(A History of) The Harlem chapter of the Congress of Racial Equality

Roy Innis (1965-1968)

Originally from St. Croix, Roy Innis moved to Harlem at thirteen. Like Bob Moses of SNCC, he attended Stuyvesant High School. He joined the Army at sixteen and was promoted to sergeant before he was eighteen. An Army buddy, Wilbert Kirby, would years later would become his vice chairman. After studying chemistry at City College, Innis worked as a chemist. It should be noted that these schools at the time were not only considered the city's most elite public schools, they were almost exclusively all White schools, an experience that would have certainly shaped Innis' attitudes towards the public school system.

When Innis became chairman of Harlem CORE, it represented a significant shift for the national organization as a whole. Innis essentially changed Harlem CORE from an integrationist group into one of Black nationalists. Whites that were still members were no longer allowed to participate in ‘actions’. They could only act in support roles.

Women were also forced to play subordinate roles as Innis emphasized developing Black male leadership. He instituted his Black Male Caucus, Monday night weekly meetings where Black men could come and discuss ideas on how to ‘counteract the systematic emasculation of the Black male in American society’ (20).

Their ideas on nationalism differed in many ways from other groups such as the Nation of Islam. As an example, it was not uncommon for Black men in Harlem CORE to be dating White women at this time. While it was behavior that was looked down on, it was also an unofficial rule that was frequently ignored. Innis also changed the policy on the use of non-violence. Members were encouraged to be prepared and taught to defend themselves from violent attacks. An amateur boxer himself, Innis hired karate instructors to give self defense classes to members of the chapter and the local community. It was made clear, though, that unlike other Black power groups, Harlem CORE was not seeking a direct confrontation with the ‘mightiest military machine the world had ever seen’ (21).

When Floyd McKissick succeeded James Farmer as the National Director for CORE in 1966, the Harlem CORE philosophy soon became the national CORE philosophy. At the 1966 national CORE convention in Baltimore, it was Harlem CORE that introduced the resolution calling for Black Power and self determination. It was also Harlem CORE which was instrumental in having CORE adopt a policy of self defense as opposed to a non-violent philosophy (22).

Harlem CORE's education campaigns focused on hiring Black and Puerto Rican teachers and principals in the public school system as well as the inclusion of Black and Puerto Rican history in the curriculum. Working in coalition with other groups including the Black Panthers and SNCC, Harlem CORE's protests focused on P.S. 139 , I.S. 201 and P.S. 175 (led by, among others, HC member Ralph Poynter). The chapter became more militant in its tactics which included laying down on and blocking the sidewalk so principals could not pass, breaking through police barricades, fighting back physically against police officers and going limp when arrested so that police had to physically carry them away (23).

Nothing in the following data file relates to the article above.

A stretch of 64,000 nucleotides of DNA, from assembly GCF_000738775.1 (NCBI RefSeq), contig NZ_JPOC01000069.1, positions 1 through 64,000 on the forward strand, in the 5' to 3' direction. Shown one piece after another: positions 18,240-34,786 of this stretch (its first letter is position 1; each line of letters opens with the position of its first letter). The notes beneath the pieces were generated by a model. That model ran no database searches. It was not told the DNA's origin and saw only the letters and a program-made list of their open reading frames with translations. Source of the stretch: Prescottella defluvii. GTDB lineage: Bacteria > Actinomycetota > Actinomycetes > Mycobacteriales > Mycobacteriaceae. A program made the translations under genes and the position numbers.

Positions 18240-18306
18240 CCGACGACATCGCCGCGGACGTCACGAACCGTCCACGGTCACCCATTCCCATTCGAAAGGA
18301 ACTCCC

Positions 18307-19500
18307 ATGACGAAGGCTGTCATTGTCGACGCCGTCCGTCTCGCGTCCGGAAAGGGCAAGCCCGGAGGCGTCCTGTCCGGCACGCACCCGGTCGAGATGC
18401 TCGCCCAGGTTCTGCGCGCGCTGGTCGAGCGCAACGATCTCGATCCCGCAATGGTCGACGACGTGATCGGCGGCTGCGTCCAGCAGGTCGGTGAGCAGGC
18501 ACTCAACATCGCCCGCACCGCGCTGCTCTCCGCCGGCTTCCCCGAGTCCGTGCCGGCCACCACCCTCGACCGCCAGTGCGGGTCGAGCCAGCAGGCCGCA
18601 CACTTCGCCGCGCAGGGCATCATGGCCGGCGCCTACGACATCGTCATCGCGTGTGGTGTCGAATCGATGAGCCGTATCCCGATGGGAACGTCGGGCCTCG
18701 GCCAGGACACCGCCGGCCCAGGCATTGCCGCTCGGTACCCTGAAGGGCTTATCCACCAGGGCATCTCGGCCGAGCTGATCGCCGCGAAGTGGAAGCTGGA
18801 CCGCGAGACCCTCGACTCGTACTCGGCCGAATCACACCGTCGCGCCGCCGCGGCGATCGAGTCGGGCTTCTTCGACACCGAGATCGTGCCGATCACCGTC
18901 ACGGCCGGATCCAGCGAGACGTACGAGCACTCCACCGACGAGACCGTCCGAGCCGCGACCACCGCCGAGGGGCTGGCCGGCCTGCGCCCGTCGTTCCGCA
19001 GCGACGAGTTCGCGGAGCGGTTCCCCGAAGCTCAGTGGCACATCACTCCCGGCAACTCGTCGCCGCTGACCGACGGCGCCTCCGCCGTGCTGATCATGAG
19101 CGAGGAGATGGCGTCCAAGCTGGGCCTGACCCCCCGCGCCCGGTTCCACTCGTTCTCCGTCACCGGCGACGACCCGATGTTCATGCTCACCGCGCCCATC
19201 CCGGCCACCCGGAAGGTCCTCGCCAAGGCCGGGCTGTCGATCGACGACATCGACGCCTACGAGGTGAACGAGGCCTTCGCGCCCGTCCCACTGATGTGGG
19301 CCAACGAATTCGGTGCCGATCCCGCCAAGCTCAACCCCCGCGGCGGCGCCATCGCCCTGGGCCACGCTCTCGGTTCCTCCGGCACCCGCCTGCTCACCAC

In 1967, Harlem CORE put forward a proposal before the New York State legislature to create an independent Board of Education for Harlem. Victor Solomon, then the education committee chairman, was a principal spokesman. He argued in a published paper that since the NYC Board of Education could not fulfill the minimum needs of the Harlem community, the Harlem community should be given control of the schools within their district. The district schools would still retain government funding, but delegated members of the Harlem community would be responsible for all decision making (24).

By the 1968 annual convention, a power struggle among four different camps within CORE came to a head. Roy Innis and Sonny Carson of Brooklyn CORE vied for control of the national organization in the election for national chairman. A group within Harlem CORE who had supported Innis previously found themselves supporting the revolutionary Carson instead. Many members felt Innis was abusing his authority by working to advance his own interests ahead of the community and Harlem CORE’s work. CORE, according to Carson, had become irrelevant and no longer addressing the needs of the Black community.

Reformist Innis, who supported building Black capitalism as a method of community control, became national chairman. Several chapters like Brooklyn and Bronx CORE defected in protest. Many of those Harlem CORE members who supported the Carson faction found themselves, like the White members before them, eventually pushed out. Other members left on their own.